Wednesday, September 20, 2017

"Psssst, hey kid"

"Got some postdocs, too." 

Nominate a colleague for the prestigious National Chemical Technician Award

From the inbox:
Do you know an outstanding chemical technician who deserves special recognition? If so, please consider nominating that person for the 2018 National Chemical Technician Award.

Nominees must be currently employed as a chemical technician, and must have worked as a chemical technician for at least five years. Technicians hold a range of titles, including process operator, laboratory analyst, technologist, and research associate.

Nominees, who do not need to be ACS members, will be judged on their contributions in the following areas: technical achievement, leadership and mentoring, publications, presentations, patents, quality and safety practices, and professional and community activities.

Nomination packets must be received by the ACS Committee on Technician Affairs by Oct. 18, 2017.

The 2018 recipient will receive a $1000 honorarium, plaque, and a trip to the ACS national meeting in New Orleans, where he or she will be honored at a special luncheon on Sunday, March 18, 2018. 
For more information or to nominate someone, visit Send questions to
Best wishes to those interested.  

Tuesday, September 19, 2017

2018 Chemistry Faculty Jobs List: 268 positions

The 2018 Chemistry Faculty Jobs List (curated by Andrew Spaeth and myself) has 268 positions.

Want to help out? Here's a Google Form to enter positions.

Want to talk anonymously? Try the open thread.

Otherwise, all discussions are on the Chemistry Faculty Jobs List webforum.

Faculty position: assistant professor of physical chemistry, Whitman College, Walla Walla, WA

The Chemistry Department of Whitman College invites applications for a tenure-track Assistant Professor position in Physical Chemistry, effective August 2018. The successful candidate will exhibit potential for excellence in teaching and will establish an undergraduate research program in physical chemistry. The successful candidate will offer courses in physical chemistry and general chemistry and will also contribute to the College’s general education requirement, with an annual teaching load of five courses. Additional duties include advising and mentoring students and participating in faculty governance at the department and college level. Whitman College is a highly selective liberal arts school that values both teaching and scholarship, offers a generous sabbatical program, and provides support for professional development, start-up funds, and benefits.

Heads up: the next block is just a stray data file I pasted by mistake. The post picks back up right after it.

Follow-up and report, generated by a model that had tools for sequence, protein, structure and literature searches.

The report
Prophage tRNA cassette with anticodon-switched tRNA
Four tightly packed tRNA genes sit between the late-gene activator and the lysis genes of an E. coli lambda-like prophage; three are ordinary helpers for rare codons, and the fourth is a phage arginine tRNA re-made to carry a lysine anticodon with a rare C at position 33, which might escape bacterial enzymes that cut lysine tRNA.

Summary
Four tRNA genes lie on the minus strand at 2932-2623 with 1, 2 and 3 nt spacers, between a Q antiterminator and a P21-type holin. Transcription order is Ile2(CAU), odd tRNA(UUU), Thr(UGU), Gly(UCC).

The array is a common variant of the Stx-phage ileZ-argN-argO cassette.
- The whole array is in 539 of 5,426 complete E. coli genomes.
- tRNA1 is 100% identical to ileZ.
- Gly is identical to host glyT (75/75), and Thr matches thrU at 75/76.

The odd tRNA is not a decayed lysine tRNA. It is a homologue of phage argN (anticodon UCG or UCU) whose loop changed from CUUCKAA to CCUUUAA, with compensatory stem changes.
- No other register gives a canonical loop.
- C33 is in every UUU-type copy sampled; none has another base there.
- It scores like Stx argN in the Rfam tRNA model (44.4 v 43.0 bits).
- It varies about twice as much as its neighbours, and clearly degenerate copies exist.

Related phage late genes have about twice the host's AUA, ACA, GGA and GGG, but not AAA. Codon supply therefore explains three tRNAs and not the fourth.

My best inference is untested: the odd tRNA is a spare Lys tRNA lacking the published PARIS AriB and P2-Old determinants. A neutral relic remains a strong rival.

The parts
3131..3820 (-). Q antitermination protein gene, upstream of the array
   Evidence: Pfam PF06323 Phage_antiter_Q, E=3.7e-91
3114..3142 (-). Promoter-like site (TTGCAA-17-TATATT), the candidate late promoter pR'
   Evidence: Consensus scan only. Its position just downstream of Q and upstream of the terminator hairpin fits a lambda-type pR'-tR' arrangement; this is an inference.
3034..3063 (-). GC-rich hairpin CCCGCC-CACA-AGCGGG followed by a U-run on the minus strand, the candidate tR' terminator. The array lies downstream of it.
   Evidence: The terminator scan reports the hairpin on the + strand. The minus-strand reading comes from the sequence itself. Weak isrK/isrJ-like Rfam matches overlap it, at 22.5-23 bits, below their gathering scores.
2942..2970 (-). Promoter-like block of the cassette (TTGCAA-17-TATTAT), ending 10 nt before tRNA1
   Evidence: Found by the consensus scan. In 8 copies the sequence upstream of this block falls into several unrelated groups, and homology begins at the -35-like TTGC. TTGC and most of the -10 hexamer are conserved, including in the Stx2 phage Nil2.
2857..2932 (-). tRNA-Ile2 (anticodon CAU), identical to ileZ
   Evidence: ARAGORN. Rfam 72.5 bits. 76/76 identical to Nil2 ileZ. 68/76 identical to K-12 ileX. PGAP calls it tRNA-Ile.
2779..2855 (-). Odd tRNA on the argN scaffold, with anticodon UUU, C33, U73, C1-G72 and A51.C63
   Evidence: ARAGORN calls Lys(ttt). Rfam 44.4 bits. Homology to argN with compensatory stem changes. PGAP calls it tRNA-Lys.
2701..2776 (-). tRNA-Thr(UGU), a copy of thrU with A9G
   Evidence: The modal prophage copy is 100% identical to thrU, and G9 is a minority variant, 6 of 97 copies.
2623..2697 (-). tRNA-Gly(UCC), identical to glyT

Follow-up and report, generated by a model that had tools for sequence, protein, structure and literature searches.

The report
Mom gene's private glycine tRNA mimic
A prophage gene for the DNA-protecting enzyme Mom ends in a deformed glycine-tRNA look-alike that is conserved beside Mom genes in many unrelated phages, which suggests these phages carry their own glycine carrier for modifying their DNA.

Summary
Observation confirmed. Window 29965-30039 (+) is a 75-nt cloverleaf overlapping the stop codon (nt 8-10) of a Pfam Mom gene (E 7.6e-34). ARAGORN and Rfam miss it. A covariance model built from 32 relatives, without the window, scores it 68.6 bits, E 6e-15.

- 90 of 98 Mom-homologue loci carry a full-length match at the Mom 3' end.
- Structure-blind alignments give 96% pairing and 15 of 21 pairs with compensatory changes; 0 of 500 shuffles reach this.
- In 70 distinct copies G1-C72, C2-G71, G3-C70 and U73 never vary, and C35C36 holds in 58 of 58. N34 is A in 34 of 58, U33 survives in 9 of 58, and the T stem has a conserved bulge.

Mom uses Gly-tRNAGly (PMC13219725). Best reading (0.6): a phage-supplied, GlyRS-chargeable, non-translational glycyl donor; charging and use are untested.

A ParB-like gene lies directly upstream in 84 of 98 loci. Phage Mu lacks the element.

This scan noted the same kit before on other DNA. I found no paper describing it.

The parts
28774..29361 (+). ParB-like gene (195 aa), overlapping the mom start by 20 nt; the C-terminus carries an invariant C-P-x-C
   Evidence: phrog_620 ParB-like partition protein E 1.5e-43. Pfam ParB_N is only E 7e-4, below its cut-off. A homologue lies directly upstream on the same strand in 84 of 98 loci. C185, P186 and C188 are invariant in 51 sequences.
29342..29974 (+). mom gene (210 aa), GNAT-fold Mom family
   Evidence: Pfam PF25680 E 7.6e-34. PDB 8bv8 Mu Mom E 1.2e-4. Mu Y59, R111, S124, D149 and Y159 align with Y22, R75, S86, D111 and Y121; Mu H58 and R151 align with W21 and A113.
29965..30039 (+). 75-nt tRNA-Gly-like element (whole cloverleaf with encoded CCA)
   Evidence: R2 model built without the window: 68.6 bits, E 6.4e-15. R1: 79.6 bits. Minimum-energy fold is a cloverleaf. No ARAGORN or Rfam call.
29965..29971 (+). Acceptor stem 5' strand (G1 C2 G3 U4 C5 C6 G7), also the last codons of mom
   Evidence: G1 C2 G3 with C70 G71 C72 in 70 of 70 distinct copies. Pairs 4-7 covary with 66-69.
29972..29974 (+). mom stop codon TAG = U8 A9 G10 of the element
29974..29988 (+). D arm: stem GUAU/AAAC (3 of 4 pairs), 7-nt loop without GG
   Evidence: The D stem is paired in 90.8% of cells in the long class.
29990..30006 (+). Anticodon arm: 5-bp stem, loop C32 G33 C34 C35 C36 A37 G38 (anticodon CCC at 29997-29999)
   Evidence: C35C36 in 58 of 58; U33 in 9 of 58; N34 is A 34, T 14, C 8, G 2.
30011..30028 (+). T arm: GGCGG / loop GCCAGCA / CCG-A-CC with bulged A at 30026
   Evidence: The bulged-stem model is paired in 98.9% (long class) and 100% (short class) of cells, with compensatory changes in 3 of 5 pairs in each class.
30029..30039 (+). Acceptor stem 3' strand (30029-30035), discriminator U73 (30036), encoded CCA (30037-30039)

Candidates must have a Ph.D. in Physical Chemistry. Postdoctoral experience and/or additional teaching experience is highly recommended.
Full ad here. Best wishes to those interested.  

The Academic Staff Jobs List: 18 positions

The Academic Staff Jobs list has 18 positions.

This list is curated by Sarah Cady. It targets:
  • Full-time STAFF positions in a Chem/Biochem/ChemE lab/facility at an academic institution/natl lab
  • Lab Coordinator positions for research groups or undergraduate labs 
  • and for an institution in Canada or the United States
Want to help out? Here's a Google Form to enter positions.that works, too.

Want to chat about staff scientist positions? This post will serve as the open thread.

Monday, September 18, 2017

Sexual harassment in academia

In this week's C&EN, a cover story by Linda Wang and Andrea Widener on sexual harassment: 
It started innocently enough. He was a prominent chemistry professor at a major research university, and she was eager to make a good impression. “I was a pretty insecure grad student in my early years, and the fact that he was paying attention to me and interested in my work and how I was doing in his class was kind of flattering,” says Tara (not her real name). 
The professor was not her adviser. Nevertheless, “He invited me to lunch a few times and just sought me out quite a bit. And then he invited me over to his house to watch a movie. He didn’t do anything inappropriate. But after that night, I was like, ‘Something’s weird here; he has a family.’ And his family was away for the weekend.”